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Driving To Argentina: 5 Essential Items You Must Take With You

by Holiday Yellowpages
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It’s a crazy idea, but it just might work!

argentina
License: Creative Commons image source

What if you could go to Argentina for a vacation? And instead of flying, you took a different method of transportation – your car. After all, you’ve got a few months to spare. Why not go for it? Not only will you get to Argentina, but you’ll get to experience (as much as you want to, anyway) the cultures of a dozen other countries on the way.

It is a long way to drive, though, so make sure you’re prepared for it. Here’s a list of crucial items you’ll want to have with you.

Your passport

This one is a given; you should have your passport whenever you go outside of the country, even if you don’t need a visa. Which is something you don’t really need in this case. The catch is you have to leave the country you enter with your car. Do check each country’s requirements to make sure the rules haven’t changed, but generally you’ll be able to enter and leave with a passport. You’ll have a ton of stamps to show off when you’re done!

At least one passenger, preferably a few more

You already know the trip will be long, but you don’t really realize how long it is until you make it. You also don’t know the roads and towns you’ll be encountering or how safe they are. Having someone with you will make the trip more enjoyable; having several will make it safer.

Your car’s original title

The road to Argentina is fairly continuous, but there’s one large gap you won’t be able to get across. Darien Gap, between Panama and Guatemala, doesn’t have a bridge and will require shipping your car. To do so, you need the original title (and about $1000).

Your wits

Anyone who’s been to South and Central America for anything other than a resort vacation will attest to the fact that almost everyone assumes Americans come with lots of money attached to them. That’s fine for most people, but you’ll inevitably come across shady characters, and unfortunately many of them are government officials, border patrol, and police officers. They’ll try to extort money from you in a variety of (non-violent) ways, so you need to be aware of the possible scams and keep your wits. Here’s a great article about dealing with corrupt police in foreign countries.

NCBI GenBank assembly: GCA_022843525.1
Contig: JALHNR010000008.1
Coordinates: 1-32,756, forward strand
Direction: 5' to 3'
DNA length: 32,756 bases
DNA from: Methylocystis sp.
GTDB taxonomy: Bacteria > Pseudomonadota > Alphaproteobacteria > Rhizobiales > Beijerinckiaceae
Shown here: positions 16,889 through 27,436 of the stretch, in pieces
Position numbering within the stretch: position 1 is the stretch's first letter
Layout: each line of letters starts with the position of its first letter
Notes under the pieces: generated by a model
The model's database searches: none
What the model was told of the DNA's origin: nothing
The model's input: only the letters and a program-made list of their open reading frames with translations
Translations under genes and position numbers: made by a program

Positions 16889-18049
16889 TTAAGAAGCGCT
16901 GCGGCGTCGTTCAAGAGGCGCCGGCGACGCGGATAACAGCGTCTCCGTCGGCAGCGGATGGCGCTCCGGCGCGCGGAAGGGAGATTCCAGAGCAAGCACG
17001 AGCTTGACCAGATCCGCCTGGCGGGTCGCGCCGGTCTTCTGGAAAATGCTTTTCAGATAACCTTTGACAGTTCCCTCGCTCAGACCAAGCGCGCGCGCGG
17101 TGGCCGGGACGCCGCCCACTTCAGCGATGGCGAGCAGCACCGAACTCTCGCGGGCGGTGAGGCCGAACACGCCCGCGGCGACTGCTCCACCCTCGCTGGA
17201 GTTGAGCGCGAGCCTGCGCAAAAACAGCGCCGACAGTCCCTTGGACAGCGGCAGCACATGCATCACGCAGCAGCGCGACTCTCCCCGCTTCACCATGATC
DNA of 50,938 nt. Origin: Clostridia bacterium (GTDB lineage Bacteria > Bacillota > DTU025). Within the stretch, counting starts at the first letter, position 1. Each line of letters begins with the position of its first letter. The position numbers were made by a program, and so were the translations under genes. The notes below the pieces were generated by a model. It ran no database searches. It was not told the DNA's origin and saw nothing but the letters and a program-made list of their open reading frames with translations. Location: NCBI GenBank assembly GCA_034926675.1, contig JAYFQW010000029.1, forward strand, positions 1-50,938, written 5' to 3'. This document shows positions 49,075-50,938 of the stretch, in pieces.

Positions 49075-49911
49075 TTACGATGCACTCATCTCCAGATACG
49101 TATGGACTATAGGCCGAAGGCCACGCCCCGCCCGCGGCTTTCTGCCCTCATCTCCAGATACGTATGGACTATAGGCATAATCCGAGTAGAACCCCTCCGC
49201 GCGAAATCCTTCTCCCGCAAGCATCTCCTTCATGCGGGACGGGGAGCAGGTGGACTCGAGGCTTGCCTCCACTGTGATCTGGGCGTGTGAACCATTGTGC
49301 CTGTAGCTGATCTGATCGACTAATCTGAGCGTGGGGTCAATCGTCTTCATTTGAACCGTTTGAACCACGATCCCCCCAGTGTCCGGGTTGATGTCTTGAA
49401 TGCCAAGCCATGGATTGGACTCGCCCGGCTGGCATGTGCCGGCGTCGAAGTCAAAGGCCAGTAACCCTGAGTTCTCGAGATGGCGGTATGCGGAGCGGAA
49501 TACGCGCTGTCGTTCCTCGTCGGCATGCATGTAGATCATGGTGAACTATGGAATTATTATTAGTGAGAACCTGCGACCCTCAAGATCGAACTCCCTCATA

A plan

You need to be sure you know how much money you need (it’ll probably be somewhere in the $10,000-$20,000 range). It’s also a good idea to know how far you plan to get in a day and do research to make sure the places you want to stay are safe. Fortunately, you don’t need a tricked out, commercial GPS to do this either. A great asset to the trip is the Pan-American Highway, which will get you into Argentina. Trace the route, mark your stops, and research them. Plan ahead and you’ll run into fewer problems.

It’s bound to be an amazing trip. Read other blogs about travelling the Americas to get several perspectives and be informed about the necessary cautions you should take. Blog about your trip yourself as you’re on it! You already know it’s going to be the adventure of a lifetime.

Ashely and her friends take a raodtrip every year. She likes to share raodtrip tips and ideas. To see more, check out her Twitter @ashelymarie1985.

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